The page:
Making Germany’s energy transition socially sustainable

The chief instrument for expanding and increasing renewable electricity generation in Germany is the Renewable Energy Act (EEG). The EEG guarantees the purchase of renewable power at fixed rates of remuneration that exceed the average electricity price. With the EEG levy, the rising overall costs of these remuneration payments will be carried by all electricity users. As of 2015, however, the EEG levy already accounts for 20 percent of the electricity price for private end users. This, in turn, has led to an unequal social burden: Since rising prices work regressively, they have a stronger effect on households with low income as opposed to higher earning households. Furthermore, certain advantages such as acquiring energy efficient appliances or making use of subsidies or tax breaks with building renovations cannot be utilised by low-income earners.

In the public opinion, these factors have led to an increasingly critical approach to the current framework for the renewable energy transition. Where previously the main issues were those of technology, economy and energy law, issues regarding the social sustainability of the conversion to renewable energy are coming into focus. As such, the public emphasis on rising energy prices has led to a dwindling recognition of the benefits promised by the energy transition. The goal of a socially sustainable conversion to renewable energy should therefore be to make the benefits of energy policies available to those households that until now have been most adversely affected by rising costs.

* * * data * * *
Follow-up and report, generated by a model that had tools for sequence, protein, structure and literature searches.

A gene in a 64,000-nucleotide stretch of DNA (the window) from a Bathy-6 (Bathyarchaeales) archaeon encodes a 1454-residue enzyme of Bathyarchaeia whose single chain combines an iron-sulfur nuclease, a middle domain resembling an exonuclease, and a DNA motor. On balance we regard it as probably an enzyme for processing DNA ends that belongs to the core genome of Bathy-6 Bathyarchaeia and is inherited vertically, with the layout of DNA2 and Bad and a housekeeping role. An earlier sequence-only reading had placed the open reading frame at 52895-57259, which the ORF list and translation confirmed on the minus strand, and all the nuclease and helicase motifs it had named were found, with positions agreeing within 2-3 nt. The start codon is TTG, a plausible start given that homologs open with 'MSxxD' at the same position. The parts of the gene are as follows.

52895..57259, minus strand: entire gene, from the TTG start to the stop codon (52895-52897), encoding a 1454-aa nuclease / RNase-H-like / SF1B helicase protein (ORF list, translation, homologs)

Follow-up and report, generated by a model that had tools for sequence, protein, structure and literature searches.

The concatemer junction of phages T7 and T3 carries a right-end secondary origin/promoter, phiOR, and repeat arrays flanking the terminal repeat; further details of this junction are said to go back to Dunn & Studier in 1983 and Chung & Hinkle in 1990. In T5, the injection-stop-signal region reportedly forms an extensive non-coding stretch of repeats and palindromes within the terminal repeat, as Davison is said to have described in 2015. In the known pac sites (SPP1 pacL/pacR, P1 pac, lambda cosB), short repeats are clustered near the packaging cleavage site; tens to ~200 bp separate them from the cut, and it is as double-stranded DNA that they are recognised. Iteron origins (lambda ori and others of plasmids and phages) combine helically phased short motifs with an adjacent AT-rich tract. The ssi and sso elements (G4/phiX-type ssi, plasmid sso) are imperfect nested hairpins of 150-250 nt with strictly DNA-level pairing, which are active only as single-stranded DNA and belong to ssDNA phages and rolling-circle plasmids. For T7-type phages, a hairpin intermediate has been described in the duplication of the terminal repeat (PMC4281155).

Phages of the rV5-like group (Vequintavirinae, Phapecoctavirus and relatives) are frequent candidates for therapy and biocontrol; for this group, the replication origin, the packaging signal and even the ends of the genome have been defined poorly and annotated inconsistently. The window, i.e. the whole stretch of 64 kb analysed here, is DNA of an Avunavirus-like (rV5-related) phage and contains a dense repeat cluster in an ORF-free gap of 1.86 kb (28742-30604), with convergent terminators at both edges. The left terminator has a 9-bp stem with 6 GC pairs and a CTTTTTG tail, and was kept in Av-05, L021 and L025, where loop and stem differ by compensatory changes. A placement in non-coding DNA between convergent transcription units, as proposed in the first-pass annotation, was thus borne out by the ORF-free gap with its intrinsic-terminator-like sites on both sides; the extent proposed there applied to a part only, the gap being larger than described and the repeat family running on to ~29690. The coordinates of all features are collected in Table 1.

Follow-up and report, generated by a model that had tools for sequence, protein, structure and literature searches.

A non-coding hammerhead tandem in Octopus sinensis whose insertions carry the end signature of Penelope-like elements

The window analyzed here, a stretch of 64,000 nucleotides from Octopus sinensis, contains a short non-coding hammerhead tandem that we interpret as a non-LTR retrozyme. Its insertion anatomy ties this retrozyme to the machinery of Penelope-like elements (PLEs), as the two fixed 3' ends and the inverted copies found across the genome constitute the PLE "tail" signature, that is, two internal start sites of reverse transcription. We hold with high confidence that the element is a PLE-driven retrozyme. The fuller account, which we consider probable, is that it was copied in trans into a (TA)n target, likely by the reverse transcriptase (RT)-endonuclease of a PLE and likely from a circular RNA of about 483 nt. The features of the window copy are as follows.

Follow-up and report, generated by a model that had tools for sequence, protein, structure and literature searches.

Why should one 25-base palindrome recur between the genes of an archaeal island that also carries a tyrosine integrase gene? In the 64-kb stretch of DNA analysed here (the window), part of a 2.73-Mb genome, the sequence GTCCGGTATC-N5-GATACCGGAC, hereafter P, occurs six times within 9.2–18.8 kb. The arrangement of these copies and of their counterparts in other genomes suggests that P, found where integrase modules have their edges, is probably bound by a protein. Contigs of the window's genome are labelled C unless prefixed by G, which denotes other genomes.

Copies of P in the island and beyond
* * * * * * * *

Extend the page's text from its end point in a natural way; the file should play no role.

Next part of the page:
As part of the UFOPLAN research project entitled "Socially sustainable design of climate mitigation and energy transition in low-income households", adelphi, together with three project partners, was studying the interplay between climate mitigation and social justice and analysed the distribution effects of climate and energy policy.

To this end, the project started with a comprehensive analysis of the current social, judicial and political framework. Subsequently, adelphi developed a set of criteria for a detailed assessment of the existing measures and current regulations in place. In addition, adelphi identifyed the contributing and inhibiting factors of a socially sustainable energy transition. Finally, practical recommendations for improving the conditions and measures mentioned above were developed. These should be designed in such a way so as to minimise the existing conflicts of objectives and of distribution between the various regulations (particularly between energy and social law).

This research project was accompanied by an advisory committee of experts from relevant fields. Additional specialists were consulted during the project through workshops, as well as through a technical discussion at the project’s completion. 

Publications of this project